NSW Budget 2020-2021
The NSW Budget 2020-2021 released on 17 November 2020 announced changes to stamp duty and land tax which will fundamentally change the way that property owners pay tax to the NSW Government. If you’re a home owner, or a potential home owner in the future, this is an important change for you.
The current system sees purchasers of property subject to stamp duty on the transfer of dutiable property (such as your home). Investors with property which are above certain thresholds are currently subject to land tax which is based on the unimproved value of that land.
The NSW Government has flagged a change in the way current state taxes are collected to phase out stamp duty altogether.
The Government will seek to do this by replacing stamp duty by allowing purchasers to opt for an annual tax on land value which would be a fixed rate amount applied to the unimproved value of the individual property. This is a similar approach to the rates you may pay from your local council.
The Government has flagged that if you have already paid duty on your property, then you will not be subject to the annual property tax.
As buyers will be given a choice of which tax to pay, this can lead to those who wish to stay in their home for longer opting to pay duty, or those who may be looking at property as an investment reduce their upfront costs by opting to pay the annual property tax.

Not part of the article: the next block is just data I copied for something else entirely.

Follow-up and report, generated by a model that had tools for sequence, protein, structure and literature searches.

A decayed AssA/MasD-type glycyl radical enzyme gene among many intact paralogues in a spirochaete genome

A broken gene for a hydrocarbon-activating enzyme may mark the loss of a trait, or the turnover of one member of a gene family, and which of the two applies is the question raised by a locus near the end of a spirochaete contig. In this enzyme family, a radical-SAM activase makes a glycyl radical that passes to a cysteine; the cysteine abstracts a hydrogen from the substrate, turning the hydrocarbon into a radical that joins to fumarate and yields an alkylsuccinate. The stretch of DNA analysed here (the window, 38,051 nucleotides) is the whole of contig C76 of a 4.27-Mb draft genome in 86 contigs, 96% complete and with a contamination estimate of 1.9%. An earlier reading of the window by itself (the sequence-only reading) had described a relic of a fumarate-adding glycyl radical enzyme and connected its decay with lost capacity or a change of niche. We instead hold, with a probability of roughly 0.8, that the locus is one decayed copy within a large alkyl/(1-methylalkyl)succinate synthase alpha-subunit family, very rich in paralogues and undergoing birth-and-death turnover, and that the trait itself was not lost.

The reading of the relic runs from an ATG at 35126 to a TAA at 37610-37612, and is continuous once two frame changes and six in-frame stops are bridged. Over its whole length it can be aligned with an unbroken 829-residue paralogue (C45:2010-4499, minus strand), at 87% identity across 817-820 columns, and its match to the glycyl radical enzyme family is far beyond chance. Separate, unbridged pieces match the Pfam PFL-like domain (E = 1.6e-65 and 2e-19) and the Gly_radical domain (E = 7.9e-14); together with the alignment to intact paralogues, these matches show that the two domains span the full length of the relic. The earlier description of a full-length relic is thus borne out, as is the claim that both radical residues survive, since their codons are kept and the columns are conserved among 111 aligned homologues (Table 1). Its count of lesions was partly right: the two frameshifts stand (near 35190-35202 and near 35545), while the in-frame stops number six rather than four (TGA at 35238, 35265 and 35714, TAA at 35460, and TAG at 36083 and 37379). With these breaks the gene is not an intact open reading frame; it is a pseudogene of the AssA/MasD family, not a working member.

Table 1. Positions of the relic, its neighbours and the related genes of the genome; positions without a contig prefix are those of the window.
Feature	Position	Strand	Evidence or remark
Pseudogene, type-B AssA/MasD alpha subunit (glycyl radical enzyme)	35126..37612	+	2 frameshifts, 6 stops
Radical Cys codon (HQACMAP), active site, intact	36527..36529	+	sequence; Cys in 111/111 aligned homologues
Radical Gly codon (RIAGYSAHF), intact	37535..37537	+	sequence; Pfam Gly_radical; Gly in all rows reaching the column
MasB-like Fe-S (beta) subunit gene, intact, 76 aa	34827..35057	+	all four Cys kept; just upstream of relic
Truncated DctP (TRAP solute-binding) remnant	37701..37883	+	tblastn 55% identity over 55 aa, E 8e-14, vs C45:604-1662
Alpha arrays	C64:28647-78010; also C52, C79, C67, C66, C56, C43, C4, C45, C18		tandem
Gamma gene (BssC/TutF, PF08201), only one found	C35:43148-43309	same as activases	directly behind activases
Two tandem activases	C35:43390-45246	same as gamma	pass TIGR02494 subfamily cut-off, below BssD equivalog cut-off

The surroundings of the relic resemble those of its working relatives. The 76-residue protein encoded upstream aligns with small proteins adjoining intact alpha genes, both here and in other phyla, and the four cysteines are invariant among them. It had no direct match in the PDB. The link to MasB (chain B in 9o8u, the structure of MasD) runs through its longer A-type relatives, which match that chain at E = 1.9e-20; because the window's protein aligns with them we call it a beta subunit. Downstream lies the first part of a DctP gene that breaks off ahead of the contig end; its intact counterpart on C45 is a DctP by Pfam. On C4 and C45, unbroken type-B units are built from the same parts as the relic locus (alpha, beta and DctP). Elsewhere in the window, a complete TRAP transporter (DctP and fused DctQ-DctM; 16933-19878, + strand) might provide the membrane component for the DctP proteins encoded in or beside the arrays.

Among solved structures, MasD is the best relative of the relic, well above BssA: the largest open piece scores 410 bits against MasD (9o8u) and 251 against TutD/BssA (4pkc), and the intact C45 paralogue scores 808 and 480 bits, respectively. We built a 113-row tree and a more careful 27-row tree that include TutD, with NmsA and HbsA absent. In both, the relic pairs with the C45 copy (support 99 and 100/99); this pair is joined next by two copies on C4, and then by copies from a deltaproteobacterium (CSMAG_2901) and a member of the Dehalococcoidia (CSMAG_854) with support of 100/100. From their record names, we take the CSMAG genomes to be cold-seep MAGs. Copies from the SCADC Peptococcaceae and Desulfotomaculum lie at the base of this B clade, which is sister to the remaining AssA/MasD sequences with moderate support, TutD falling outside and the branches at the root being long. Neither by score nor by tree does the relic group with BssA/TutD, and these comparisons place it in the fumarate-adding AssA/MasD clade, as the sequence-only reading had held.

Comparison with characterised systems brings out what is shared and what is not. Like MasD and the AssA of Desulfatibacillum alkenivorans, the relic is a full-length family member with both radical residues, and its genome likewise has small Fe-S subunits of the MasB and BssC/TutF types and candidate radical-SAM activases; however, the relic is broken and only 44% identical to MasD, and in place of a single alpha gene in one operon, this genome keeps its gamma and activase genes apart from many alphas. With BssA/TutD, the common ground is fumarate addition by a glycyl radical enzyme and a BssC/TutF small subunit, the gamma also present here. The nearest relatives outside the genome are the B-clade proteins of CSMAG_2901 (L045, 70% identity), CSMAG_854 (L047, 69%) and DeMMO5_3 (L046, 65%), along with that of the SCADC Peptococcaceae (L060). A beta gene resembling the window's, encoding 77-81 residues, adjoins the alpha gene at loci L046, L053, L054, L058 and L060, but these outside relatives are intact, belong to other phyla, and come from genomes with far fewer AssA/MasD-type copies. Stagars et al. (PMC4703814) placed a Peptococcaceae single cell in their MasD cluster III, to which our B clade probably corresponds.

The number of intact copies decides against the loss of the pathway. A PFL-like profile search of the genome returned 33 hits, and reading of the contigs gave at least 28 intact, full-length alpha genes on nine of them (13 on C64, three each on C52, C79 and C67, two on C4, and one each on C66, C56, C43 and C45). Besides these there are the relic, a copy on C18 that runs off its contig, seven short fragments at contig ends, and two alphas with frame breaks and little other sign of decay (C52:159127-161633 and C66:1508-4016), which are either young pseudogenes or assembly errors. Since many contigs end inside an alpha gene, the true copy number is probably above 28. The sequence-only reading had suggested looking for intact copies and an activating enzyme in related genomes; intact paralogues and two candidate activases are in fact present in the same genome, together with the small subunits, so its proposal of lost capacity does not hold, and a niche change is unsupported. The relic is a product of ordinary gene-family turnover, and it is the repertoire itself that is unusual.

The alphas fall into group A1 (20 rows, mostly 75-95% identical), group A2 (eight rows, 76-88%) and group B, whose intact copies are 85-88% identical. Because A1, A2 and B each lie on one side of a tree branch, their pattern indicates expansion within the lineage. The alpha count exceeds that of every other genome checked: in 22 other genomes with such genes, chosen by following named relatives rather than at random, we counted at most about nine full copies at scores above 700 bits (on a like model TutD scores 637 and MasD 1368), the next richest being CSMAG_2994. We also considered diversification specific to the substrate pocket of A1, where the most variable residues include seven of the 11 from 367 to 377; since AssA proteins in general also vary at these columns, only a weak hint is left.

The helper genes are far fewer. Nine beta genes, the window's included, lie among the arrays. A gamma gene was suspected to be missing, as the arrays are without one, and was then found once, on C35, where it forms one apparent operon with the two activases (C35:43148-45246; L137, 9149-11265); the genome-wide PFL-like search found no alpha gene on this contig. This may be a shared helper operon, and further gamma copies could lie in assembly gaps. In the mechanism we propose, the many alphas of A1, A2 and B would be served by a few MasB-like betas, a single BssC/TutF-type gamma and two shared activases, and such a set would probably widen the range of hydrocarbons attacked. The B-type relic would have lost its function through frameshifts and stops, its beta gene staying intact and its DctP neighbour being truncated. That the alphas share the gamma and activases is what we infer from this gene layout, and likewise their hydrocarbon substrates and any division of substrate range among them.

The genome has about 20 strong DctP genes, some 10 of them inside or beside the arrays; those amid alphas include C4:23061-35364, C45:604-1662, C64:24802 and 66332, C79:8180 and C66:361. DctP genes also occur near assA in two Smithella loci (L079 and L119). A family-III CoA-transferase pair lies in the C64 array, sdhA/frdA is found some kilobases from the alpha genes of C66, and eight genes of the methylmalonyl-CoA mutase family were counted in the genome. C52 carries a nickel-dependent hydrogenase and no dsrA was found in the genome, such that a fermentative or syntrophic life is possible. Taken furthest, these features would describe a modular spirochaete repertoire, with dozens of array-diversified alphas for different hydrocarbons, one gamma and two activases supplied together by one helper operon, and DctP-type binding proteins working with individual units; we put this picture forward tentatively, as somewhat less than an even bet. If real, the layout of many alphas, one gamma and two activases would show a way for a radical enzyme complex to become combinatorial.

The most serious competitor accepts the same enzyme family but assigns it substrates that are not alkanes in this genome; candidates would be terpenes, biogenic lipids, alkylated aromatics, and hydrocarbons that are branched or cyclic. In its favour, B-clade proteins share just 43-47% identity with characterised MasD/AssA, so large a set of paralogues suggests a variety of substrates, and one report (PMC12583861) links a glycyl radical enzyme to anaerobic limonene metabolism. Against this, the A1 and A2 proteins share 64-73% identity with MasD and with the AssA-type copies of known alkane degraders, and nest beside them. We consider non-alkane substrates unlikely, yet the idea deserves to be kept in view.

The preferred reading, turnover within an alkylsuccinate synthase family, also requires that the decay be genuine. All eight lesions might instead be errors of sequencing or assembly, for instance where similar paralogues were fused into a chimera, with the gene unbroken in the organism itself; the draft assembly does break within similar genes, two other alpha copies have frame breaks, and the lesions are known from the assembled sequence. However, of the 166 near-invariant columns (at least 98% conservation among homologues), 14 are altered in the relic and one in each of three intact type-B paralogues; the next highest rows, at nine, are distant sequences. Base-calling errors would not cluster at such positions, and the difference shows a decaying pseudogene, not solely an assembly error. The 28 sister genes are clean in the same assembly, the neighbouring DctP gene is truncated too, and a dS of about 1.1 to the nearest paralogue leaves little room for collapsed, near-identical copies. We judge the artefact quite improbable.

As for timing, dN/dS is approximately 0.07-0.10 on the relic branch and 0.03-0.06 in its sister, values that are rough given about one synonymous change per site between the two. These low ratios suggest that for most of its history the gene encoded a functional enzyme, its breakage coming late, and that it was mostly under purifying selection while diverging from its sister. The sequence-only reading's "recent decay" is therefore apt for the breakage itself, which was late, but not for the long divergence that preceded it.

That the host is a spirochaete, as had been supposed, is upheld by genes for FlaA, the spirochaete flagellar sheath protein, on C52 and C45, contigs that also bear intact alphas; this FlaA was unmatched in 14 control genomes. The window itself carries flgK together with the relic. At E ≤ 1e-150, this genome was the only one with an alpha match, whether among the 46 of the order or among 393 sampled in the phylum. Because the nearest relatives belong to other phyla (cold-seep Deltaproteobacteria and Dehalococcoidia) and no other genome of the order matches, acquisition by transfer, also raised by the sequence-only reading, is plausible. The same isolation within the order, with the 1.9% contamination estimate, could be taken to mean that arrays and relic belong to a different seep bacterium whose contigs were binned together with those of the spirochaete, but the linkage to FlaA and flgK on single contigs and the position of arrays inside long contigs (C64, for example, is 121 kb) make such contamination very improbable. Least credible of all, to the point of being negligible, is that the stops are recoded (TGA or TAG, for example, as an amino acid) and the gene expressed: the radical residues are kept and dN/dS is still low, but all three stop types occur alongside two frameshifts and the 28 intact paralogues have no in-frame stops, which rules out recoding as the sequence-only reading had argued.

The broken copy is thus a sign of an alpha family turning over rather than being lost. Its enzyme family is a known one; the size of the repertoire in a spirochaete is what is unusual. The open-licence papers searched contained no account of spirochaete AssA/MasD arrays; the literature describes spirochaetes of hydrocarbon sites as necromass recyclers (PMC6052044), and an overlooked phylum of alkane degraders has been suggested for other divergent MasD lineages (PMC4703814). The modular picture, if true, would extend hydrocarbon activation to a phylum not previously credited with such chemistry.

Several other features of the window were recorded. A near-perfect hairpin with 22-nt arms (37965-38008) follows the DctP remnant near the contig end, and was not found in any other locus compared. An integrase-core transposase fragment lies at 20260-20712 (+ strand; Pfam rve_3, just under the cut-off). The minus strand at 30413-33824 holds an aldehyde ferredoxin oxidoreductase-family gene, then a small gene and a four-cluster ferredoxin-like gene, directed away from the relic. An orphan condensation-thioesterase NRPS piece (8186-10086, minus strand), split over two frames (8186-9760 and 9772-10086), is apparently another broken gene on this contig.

First Home Buyers exemptions have been flagged to be scrapped, with a potential $25,000 grant being provided to first home buyers instead.
The Government is currently consulting in relation to these changes and we will continue to keep you updated as these potential changes are refined.
If you are a trustee or control a corporate trustee of a discretionary trust which owns residential property, or the trust intends to purchase residential property in the future, it is imperative that you have updated your trust deeds!
The State Revenue Legislation Further Amendment Act 2020 received assent on 24 June 2020. This legislation amended the Land Tax Act 1956, Land Tax Management Act 1956 and Duties Act 1997. This legislation will deem trustees of discretionary trusts to be a foreign trustee if the trust does not prevent foreign persons from being a beneficiary of the trust.
Any discretionary trust which holds residential property and does not specifically prevent foreign persons from receiving trust distributions will be subject to surcharge stamp duty and land tax.
For land tax purposes, trust deeds will require amending prior to 31 December 2020. After this, the surcharge land tax will apply. Surcharge purchaser duty will apply when a dutiable transaction arises for the trust.
If you are a trustee or control a corporate trustee of a discretionary trust this is a must to review.
If you would like to discuss any state tax issues please feel free to contact us.